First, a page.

LINGUIST List 27.837
Mon Feb 15 2016
Calls: Historical Linguistics, Text/Corpus Linguistics/Poland
Editor for this issue: Anna White <awhitelinguistlist.org>
Kristin Bech <kristin.bech
Grammar, Discourse, Context: Widening the Horizon for a Theory of Grammatical Change E-mail this message to a friend
Full Title: Grammar, Discourse, Context: Widening the Horizon for a Theory of Grammatical Change
Date: 18-Sep-2016 - 21-Sep-2016
Location: Poznan, Poland
Contact Person: Ruth Möhlig-Falke
Meeting Email: < click here to access email >
Web Site: http://wa.amu.edu.pl/isle4/
Linguistic Field(s): Historical Linguistics; Text/Corpus Linguistics
Call Deadline: 15-Mar-2016
This workshop welcomes linguists working in different theoretical and methodological frameworks on diachronic language change, who specifically look at processes of grammatical change in context. From a pragmatic and discourse-analytic perspective, context may comprise the following:
On the micro-level (van Dijk 2008)
1) the immediate surrounding text of the communicative event in question, i.e. what has also been called co-text (Halliday & Hasan 1985);
2 a) the intertextual and interdiscursive relationship between utterances, texts, genres, and discourses;
b) the intertextual and interdiscursive relationship between spoken and/or written texts and other modes of communication (e.g. pictures, colours, fonts, scripts);
c) the intertextual and interdiscursive relationship between different varieties and languages that are part of the “world of discourse”.
3) the structural context provided by the language system, i.e. the system of interdepencies between lexemes (semantic fields, cognitive domains, collocations, etc.) and grammatical patterns and constructions (Fischer 2007: 116; Möhlig-Falke 2012: 24) which form the linguistic input and underlying cognitive structures (mental grammars) of speakers at any historical stage of the language.
On the macro-level (van Dijk 2008)
1) the extralinguistic social, environmental variables and institutional frames of a specific ‘context of situation’; and
2) the broader sociopolitical and historical context that discursive practices are embedded in and related to.
We invite contributions focusing on one or more of the following central questions:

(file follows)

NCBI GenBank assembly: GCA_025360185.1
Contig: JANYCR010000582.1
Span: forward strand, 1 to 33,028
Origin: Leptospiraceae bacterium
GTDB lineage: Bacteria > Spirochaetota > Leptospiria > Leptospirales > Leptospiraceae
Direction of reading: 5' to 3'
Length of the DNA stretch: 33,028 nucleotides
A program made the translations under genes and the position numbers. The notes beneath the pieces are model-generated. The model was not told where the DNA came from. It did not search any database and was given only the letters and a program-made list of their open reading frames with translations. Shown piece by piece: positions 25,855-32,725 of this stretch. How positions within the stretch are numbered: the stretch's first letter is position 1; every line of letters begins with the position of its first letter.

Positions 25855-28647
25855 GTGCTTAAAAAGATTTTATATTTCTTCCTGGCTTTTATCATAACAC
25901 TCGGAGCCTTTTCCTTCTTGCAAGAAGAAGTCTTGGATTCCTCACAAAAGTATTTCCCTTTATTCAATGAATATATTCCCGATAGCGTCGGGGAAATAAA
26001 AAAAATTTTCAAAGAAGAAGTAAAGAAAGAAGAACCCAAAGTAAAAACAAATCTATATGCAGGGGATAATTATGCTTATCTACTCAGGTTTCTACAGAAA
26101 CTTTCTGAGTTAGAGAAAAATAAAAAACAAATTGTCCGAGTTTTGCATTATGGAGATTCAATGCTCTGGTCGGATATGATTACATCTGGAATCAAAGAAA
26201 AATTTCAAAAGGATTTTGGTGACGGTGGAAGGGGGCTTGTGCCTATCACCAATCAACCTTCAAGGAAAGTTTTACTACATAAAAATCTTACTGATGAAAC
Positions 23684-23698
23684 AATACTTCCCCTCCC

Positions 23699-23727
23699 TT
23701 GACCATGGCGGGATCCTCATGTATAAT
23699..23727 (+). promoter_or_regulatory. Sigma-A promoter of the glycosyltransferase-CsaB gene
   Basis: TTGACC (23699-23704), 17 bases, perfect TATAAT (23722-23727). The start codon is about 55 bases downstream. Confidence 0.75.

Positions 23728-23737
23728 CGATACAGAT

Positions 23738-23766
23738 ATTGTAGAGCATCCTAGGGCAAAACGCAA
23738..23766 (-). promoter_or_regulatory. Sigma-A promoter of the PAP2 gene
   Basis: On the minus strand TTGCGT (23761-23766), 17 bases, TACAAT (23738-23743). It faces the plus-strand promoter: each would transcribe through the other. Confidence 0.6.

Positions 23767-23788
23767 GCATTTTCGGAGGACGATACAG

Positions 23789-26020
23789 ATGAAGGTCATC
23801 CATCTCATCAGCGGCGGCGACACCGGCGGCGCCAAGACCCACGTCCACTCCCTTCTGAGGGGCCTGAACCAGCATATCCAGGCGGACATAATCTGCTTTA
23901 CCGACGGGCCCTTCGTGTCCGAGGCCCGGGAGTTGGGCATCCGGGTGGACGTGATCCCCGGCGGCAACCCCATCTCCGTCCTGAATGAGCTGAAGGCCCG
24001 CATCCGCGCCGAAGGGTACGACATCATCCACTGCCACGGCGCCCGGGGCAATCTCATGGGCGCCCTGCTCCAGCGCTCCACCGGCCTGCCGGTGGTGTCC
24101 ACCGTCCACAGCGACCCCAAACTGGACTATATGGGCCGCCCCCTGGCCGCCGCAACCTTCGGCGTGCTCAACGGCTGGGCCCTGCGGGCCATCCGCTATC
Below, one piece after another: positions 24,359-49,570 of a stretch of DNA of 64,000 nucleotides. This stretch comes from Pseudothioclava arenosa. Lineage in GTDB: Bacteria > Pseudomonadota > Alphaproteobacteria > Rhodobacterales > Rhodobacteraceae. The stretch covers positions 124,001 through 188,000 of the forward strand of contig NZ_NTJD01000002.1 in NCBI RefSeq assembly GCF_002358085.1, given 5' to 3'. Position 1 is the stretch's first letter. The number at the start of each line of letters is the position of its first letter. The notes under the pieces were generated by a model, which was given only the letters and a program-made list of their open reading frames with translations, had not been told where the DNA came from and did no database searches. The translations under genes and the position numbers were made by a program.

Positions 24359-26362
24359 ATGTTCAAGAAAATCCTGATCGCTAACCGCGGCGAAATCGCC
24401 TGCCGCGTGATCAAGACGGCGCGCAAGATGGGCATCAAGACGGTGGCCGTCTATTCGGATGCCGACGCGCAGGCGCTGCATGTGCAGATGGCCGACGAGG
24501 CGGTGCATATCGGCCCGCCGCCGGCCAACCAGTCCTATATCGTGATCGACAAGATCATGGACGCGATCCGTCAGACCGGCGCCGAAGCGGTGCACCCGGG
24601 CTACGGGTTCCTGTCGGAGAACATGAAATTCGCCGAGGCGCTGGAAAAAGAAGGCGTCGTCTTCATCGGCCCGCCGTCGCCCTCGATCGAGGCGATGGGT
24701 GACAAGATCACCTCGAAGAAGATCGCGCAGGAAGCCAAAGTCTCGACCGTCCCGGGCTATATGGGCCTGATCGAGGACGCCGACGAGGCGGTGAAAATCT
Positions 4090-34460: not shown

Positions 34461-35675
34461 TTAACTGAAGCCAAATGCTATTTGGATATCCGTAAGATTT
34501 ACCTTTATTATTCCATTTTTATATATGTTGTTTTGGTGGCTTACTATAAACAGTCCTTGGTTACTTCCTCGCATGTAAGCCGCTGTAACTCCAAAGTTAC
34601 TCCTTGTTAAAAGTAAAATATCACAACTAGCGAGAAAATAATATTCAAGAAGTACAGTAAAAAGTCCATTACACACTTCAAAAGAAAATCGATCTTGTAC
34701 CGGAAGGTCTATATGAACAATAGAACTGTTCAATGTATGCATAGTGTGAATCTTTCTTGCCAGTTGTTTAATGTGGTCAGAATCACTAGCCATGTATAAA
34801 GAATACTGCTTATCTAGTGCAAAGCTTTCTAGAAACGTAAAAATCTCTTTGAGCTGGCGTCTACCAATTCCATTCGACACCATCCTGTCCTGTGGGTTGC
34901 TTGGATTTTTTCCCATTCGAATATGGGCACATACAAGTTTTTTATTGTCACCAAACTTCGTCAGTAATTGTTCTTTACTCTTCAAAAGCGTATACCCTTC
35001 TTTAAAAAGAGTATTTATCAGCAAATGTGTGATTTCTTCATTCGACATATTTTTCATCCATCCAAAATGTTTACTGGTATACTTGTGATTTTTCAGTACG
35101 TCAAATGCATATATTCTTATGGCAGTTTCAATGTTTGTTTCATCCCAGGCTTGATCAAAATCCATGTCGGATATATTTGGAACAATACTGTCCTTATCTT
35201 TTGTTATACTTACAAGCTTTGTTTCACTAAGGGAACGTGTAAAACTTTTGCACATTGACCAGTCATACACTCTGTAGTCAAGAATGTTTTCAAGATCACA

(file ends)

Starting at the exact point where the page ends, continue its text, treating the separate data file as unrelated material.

- What is the influence of (selected levels of) context on processes of grammatical change?
- Does a “contextual” approach add to our knowledge and understanding of causes and mechanisms of grammatical change (e.g. analogy, redundancy and the principle of economy (Los 2012), transparency and simplification, subjectification)?
- In which phase do contextual factors influence a process of grammatical change, in the actuation or implementation phase? (MacMahon 1994)
- What triggers language change? Does cultural (contextual) change precede processes of grammatical change, or does grammatical change happen independently of this?
- What is the relationship between text and context? Text is what we have available for the analysis of historical stages of a language and of diachronic processes of language change. Context needs to be reconstructed and may be up to different interpretations.
- Is it possible to model the influence of context on processes of grammatical change and how can this be done?
It is further possible to focus on the stability of a part of the grammatical system, i.e. its resilience to change, and the role which contextual factors may play in this, e.g:
- Why are some patterns stable over time while others change?
- Why are some languages more stable than others and retain, for instance, complex and non-transparent grammatical constructions, while other languages undergo radical grammatical restructurings? (e.g. German, Icelandic as opposed to Norwegian, Danish, Dutch, English)
- Why are some languages more stable than others and retain, for instance, complex and non-transparent grammatical constructions, while other languages undergo radical grammatical restructurings?
- Which role does context play in the retention of, for instance, non-transparent patterns and constructions?
Call for Papers:
This workshop will be held during ISLE4 (18-21 September 2016, Poznan, day of the workshop TBC). Papers in the workshop will be allotted 20 minutes for presentation and 10 minutes for discussion, in keeping with the format of the conference. Please submit your abstract (300-500 words, excluding the title, linguistic examples and references) through the EasyChair system on the conference website (http://wa.amu.edu.pl/isle4/
). The deadline for submissions is 15 March 2016. Notification of acceptance of papers is 25 April 2016.
Convenors: Ruth Möhlig-Falke (Heidelberg University) and Kristin Bech (University of Oslo)
Page Updated: 15-Feb-2016